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and worldwide, to look into the ways it has benefited from the past, from colonial project. also in terms of shaping thinking around this issue. looking at legacies in terms of the way that the world we live in now works. also in terms of how the current student, staff, and academics live. we hope the findings will be able to help us and create a more inclusive university environment. what would that success look like? first of all, meaningful findings. looking out of the firm commitments we can make to try and address some of the issues that we find. this is a day when another story in the headlines about social mobility, or the lack of it. the report suggested that privilege entrenches privilege, race, class,
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gender, itjust goes round and round. an interested whether you are confident it might make a difference? i think these are very difficult issues to grapple with. i think we need to be realistic about what we can do. what i do think is positive is that the university has taken the lead on the research that's been done, it's created a very effective system with some of the most senior academics and directors at the university, myself asa directors at the university, myself as a student liaison, to look into it. we will be making commitments on this issue, as much as it is a difficult topic, we are taking proactive steps. thank you for joining us. it's the end of an era injapan. this morning, emperor akihito formally declared his abdication and delivered his last public address as emperor. the 85—year—old is the first japanese monarch to stand down in more than 200 years. crown prince naruhito will ascend the thrown tomorrow. laura bicker reports. japanese emperors are supposed
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to die on the throne, but this is a man who has redefined what it means to be a monarch. emperor akihito has come to the imperial palace shrine to ask his dead ancestors‘ permission to abdicate. in truth, he's pleaded with his people and the government for years to allow him to step down. after 30 years on the chrysanthemum throne, his health is failing and it's time to say farewell. translation: we sincerely hope the prosperity and peace of new era, and i wishjapan and the world peace and prosperity. the ceremony is taking place behind closed doors in the imperial palace. it's only ten minutes long. no one is going to see anything out here, and yet, still they've gathered in the rain because they want to pay respects to an emperor who won their hearts. when akihito ascended to the throne,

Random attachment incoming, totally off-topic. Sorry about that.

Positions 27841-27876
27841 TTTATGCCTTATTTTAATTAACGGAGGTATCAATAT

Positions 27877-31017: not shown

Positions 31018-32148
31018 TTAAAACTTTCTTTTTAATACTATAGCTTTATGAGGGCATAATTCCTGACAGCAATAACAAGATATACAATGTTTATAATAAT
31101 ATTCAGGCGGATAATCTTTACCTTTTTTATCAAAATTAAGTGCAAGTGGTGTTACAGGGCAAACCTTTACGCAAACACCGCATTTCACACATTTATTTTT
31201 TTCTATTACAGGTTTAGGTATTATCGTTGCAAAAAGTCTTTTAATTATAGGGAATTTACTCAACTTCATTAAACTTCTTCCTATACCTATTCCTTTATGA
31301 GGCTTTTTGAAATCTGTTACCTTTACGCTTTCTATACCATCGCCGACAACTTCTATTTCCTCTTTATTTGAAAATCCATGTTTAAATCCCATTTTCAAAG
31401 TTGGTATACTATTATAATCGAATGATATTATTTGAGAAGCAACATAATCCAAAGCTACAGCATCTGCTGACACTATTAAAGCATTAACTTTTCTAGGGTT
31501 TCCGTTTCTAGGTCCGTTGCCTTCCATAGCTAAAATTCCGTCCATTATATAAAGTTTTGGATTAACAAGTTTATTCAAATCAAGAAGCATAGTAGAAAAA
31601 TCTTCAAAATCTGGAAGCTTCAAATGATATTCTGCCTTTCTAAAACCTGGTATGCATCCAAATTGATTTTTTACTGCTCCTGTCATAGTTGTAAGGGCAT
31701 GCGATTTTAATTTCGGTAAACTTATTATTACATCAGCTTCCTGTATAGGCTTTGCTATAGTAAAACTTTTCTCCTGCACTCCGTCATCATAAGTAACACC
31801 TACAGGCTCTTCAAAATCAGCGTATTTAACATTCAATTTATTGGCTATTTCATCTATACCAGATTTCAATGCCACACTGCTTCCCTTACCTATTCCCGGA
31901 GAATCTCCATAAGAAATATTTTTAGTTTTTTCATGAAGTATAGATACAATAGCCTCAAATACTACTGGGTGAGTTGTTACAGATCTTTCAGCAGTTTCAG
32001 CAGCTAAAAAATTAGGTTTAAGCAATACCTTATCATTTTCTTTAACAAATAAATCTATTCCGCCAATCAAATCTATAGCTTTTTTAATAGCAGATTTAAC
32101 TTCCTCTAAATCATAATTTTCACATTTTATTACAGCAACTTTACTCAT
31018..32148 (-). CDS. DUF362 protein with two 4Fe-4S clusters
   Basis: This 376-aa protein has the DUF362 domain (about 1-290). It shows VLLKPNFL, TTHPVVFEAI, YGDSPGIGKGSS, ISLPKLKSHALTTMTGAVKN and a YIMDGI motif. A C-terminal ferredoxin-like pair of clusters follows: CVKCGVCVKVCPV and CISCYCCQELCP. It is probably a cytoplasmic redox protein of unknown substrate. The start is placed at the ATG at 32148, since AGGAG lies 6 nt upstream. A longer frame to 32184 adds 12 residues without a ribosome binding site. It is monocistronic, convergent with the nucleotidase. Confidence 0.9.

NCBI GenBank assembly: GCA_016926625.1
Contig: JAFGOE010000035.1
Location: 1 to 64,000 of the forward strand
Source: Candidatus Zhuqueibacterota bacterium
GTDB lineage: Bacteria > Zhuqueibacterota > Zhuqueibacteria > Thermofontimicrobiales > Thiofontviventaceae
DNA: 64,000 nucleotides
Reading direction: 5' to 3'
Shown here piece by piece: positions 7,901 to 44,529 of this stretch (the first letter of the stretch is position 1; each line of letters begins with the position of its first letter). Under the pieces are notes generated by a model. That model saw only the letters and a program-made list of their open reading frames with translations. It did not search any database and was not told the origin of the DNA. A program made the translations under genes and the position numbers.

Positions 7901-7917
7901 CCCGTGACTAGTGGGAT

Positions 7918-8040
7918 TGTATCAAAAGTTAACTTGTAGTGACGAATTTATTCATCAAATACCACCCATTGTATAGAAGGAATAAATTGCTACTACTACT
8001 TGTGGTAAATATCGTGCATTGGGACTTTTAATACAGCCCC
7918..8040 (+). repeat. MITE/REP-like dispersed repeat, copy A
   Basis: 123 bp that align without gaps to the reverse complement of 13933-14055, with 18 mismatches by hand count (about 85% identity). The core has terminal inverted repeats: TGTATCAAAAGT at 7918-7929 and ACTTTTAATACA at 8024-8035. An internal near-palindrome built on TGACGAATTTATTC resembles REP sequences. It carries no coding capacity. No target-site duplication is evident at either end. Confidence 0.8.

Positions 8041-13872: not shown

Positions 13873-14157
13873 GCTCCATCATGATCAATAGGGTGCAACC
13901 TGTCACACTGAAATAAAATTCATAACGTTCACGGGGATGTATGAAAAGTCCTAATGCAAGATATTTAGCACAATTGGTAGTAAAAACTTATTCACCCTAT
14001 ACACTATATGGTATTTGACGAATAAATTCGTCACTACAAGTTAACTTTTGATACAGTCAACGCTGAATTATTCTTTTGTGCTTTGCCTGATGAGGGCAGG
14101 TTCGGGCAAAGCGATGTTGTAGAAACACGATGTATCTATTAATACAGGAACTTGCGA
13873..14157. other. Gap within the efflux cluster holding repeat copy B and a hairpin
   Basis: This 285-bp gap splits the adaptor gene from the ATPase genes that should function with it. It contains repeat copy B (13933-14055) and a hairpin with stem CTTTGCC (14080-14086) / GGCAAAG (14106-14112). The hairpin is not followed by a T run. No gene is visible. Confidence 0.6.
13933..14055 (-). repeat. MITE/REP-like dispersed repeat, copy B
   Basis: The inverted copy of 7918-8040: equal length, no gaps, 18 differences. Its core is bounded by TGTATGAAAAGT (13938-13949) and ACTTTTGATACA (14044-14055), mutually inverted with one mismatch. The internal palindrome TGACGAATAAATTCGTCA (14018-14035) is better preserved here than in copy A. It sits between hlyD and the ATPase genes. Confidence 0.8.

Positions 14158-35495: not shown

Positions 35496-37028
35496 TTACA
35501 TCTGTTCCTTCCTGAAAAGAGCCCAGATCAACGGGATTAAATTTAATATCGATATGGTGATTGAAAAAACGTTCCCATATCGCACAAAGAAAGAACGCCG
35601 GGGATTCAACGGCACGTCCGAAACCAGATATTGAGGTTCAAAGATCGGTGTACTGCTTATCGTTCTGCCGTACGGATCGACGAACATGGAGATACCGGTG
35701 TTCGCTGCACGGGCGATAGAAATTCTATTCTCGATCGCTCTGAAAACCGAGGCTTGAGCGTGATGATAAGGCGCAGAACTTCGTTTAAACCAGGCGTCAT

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he was crowned emperor of a country that many believed would become a new superpower. a year later, the economy crashed. then came further disaster — an earthquake in kobe in 1995, a more powerful quake and tsunami hit the north—west in 2011, leaving almost 16,000 people dead. emperor akihito and his wife addressed those suffering, and sat with them. royals injapan were once seen as descendants of the gods. to see him kneeling made him human, and they loved him for it. he was also the first to marry a commoner — empress michiko, his constant companion. as pacifists, they travelled the world to help heal japan's wartime reputation. their son, the crown prince naruhito, will become emperor at midnight, leading the country into a new era which many hope will build on his father's legacy. laura bicker, bbc news, in tokyo.
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a cricketer who raped a woman as part of a sexual conquest game has been jailed for five years. alex hepburn, an australian—born, former worcestershire all—rounder, carried out the attack in april 2017. the 23—year—old set up the contest to sleep with the most women on a whatsapp group. hereford crown court heard how hepburn assaulted the victim at his worcester flat after she had consensual sex with his then teammate joe clarke. the body which represents rail operators has suggested major changes to the way train services are run — including scrapping the franchise system and taking control away from the government. in a review, the rail delivery group also proposed allowing firms to compete on long—distance routes. but unions have said such changes could lead to fare increases and a lack of accountability. ben thompson reports. it's been called the biggest change to our railways in a generation.